We all have the right to live a life of freedom and full community inclusion. These fundamental rights were articulated in the Universal Declaration of Human Rights in 1948. The 2006 Convention on the Rights of Persons with Disabilities underscored that human rights apply to all people regardless of disability or chronic illness. To ensure human rights for all, we must organize systems that maximize autonomy of the person to make choices and exercise control over their supports.
The following are essential elements of a self-directed support system:
- A dedicated budget, individualized and controlled by the person with any support they choose, used flexibly and creatively to promote the person’s best life
- Access to legally recognized supported decision-making that minimizes substitute decision-making and the loss of legal agency
- Outreach and education on self-directed supports, beginning in early childhood
- Clear and simple information on self-directed supports, widely available in the mainstream, tailored for cultural responsiveness and relevance, and fully accessible
- Practical administrative processes that minimize participant burden
- Person-centered planning – a process of identifying what is important to a person with strategies to support what’s important – that demonstrates a commitment to peoples’ capacity and value
- No cost assistance with technical aspects of self-directed supports, including help meeting program requirements and assistance with locating, hiring, and managing staff
- Information and resources for families, friends, and other allies to support the person
- Respectful employment practices that recognize the rights of staff to a fair wage and to be free from exploitation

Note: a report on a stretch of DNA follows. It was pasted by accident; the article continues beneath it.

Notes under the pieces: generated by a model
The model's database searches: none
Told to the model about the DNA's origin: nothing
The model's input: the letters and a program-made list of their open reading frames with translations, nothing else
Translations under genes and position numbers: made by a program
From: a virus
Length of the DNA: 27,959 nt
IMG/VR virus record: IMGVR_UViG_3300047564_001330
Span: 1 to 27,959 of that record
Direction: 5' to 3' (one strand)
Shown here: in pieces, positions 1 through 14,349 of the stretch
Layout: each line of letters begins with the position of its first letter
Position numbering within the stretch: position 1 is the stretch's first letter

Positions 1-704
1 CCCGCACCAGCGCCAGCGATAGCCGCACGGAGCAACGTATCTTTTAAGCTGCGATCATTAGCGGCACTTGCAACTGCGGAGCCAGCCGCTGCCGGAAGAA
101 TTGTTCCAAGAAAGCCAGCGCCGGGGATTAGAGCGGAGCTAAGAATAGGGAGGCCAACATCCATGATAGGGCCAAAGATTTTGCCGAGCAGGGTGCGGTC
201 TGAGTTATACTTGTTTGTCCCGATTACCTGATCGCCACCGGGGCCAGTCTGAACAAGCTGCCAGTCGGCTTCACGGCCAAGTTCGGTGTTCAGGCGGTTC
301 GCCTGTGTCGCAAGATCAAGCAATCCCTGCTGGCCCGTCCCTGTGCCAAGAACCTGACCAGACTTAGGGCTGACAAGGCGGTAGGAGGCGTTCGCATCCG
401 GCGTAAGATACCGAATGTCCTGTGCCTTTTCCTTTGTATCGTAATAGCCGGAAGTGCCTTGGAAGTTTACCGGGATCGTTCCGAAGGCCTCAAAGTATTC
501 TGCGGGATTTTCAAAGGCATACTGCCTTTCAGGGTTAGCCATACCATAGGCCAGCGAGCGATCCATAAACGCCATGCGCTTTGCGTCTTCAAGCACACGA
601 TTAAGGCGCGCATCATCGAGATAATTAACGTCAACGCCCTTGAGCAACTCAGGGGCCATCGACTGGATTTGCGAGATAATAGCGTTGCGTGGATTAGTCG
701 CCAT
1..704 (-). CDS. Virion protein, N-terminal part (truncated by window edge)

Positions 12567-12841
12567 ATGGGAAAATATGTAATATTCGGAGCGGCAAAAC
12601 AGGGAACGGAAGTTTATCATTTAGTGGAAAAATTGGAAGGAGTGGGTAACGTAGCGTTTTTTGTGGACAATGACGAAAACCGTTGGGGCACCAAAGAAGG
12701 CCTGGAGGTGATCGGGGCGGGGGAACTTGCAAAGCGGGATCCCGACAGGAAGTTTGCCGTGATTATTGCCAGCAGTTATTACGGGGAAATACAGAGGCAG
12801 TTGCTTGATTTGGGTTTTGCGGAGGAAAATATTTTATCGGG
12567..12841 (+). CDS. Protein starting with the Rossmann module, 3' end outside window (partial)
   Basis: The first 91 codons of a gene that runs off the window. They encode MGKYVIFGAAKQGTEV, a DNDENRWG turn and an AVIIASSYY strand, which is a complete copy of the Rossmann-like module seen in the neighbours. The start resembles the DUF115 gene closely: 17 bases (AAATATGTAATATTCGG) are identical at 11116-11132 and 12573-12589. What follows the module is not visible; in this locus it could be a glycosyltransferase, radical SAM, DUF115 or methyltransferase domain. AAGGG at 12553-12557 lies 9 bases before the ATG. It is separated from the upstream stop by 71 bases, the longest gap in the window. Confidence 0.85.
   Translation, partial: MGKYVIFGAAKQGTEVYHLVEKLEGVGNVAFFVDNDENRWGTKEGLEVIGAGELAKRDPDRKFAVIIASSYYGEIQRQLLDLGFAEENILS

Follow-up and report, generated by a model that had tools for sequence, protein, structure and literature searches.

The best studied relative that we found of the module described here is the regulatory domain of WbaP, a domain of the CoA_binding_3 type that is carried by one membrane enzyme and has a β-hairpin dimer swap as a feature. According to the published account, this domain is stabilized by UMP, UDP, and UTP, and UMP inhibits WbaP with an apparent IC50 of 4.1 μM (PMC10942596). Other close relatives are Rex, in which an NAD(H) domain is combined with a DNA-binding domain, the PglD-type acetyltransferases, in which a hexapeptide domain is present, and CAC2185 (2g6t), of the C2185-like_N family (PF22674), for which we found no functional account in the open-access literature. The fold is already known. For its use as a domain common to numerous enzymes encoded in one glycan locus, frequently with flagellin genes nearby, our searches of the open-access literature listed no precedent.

- Peer support – mutual aid for wellbeing and navigating the system – bolsters participation, promotes equitable access, and drives innovation
- Transparent, sufficient, fair resource allocation based on a person’s priorities and needs
- Portability of self-directed funding and eligibility across jurisdictions within a country
- Comprehensive and genuinely independent advocacy to protect human rights, privacy of personal information, freedom to make big and small life decisions, and safeguarding from harm
- Practices that ensure all people have the option to control as much or as little of their supports as they choose, based on the presumption of personal capacity
- Quality practices and outcomes measurement that support continuous learning and improvement and hold systems accountable to the principles of self-directed support
- An orientation toward equity in access, respect for people’s cultural identities, and positive outcomes with particular attention to groups that are historically marginalized and underserved
- Disabled people and those with chronic illnesses are fundamentally trusted and have principal roles in the oversight, governance, and administration of support systems
Download a pdf version of the Global Standards for Self-Directed Support here.
Our thanks to Clare Tarling for her support in producing an easy read version of the Global Standards for Self-Directed Support, download the pdf here.